Stronghold Engineering was given an opportunity to provide power in 14 of Lake Elsinore Unified School District’s locations—10 schools and 4 administration buildings. At these locations, Stronghold successfully installed 67 solar carports over parking areas covering 225,932 square feet. The LEUSD Solar Carport project will positively impact the environment and the local community.
Solar energy from Stronghold’s recent West Riverside Landfill Location is offsetting energy gathered by the solar parking canopies in the 14 locations. Each site receives between 6-10% of the power collected by the landfill’s solar system. Energy from the landfill location is primarily offered to elementary schools that have less space dedicated to parking and consequently less space for solar carports. The landfill’s solar energy is divided as follows:
West Riverside Landfill Bill Credit Transfer Recipients:
- Tuscany Hills Elementary School – 10%
- Earl Warren Elementary School – 8%
- Ronald Reagan Elementary School – 8%
- William Collier Elementary School – 8%
- Withrow Elementary School – 7%
- Rice Canyon Elementary School – 7%
- Wildomar Elementary School – 2%
- Elsinore Middle School – 11%
- David Brown Middle School – 11%
- Luiseno School K-8 – 10%
- SoCal Online Academy – 4%
- Admin – 6%
- Admin – 4%
- Food Services Bldg B – 4%
By tying in the West Riverside site, an abundance of solar power is available to the Lake Elsinore Unified School District. The school district can pull energy from the landfill at a cheaper rate than building on their own property when ground space and the cost of solar carports vs solar panels are taken into consideration.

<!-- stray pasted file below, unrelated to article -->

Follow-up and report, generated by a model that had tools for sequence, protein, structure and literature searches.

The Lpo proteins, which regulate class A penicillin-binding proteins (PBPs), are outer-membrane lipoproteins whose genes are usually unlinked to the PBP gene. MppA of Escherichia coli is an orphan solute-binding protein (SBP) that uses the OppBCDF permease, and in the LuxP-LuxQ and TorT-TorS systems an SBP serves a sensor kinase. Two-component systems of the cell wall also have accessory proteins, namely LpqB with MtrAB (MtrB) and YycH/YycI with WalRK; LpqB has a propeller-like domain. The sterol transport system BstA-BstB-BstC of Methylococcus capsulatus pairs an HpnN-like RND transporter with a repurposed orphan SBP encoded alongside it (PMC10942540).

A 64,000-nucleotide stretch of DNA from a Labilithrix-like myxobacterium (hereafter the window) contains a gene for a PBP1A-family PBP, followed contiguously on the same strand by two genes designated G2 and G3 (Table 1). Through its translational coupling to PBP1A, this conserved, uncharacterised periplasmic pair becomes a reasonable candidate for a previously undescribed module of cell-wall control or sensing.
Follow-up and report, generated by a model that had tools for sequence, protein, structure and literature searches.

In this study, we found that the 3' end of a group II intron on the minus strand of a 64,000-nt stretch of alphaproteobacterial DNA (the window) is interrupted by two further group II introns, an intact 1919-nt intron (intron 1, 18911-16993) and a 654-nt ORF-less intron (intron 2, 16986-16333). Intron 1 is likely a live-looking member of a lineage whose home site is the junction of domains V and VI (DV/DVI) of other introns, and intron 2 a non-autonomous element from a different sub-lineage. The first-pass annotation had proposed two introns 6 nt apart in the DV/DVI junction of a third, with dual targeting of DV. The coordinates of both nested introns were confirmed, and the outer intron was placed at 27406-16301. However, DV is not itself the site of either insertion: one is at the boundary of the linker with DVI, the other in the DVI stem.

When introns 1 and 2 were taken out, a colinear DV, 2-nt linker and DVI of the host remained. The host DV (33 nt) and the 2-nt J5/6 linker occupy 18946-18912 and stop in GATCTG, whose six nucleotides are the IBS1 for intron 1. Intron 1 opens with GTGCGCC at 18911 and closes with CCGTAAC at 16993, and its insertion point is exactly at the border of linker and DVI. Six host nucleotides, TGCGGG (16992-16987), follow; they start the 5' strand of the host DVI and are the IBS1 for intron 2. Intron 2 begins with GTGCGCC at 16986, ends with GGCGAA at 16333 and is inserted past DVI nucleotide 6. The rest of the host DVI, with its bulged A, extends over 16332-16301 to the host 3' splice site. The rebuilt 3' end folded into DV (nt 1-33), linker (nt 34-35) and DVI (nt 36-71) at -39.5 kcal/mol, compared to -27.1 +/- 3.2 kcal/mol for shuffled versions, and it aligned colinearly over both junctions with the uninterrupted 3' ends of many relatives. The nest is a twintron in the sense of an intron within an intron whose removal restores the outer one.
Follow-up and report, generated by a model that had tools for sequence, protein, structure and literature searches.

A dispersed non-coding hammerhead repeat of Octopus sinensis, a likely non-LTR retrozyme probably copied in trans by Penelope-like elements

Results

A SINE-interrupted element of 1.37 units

Savings are seen post-installation in monthly electrical costs for the district. The school district pays a lower rate for the electricity thanks to the solar power provided by both locations, saving a significant amount on their electrical bills.
During construction on the carports, food drives were held at many of the school sites, resulting in long lines of cars and potential obstruction to progress. Stronghold maintained strict traffic patterns through the construction sites to account for the high volume of activity in the area.
Due to the pandemic and subsequent school closures, there were no kids on the various school campuses and Stronghold was able to construct all of the arrays at one time. The Stronghold team completed the solar carport project on time and with zero safety incidents.
As a result of the high-quality work Stronghold completed for the schools, more projects in the Lake Elsinore School District are coming their way. To add on to the solar carports, Stronghold is looking into adding electric vehicle chargers underneath the canopies. They have been contracted to install two off-grid solar systems for Elsinore High School and Temescal High School. These solar microgrid projects entail solar panels charging a battery-operated split-system air conditioners for the parking attendant booths located at the entrance of the high schools.
After the successful LEUSD Solar Carport project, Stronghold looks forward to continuing to build a working relationship with the Lake Elsinore School District. For more information on this project and others like it, visit Stronghold’s project page.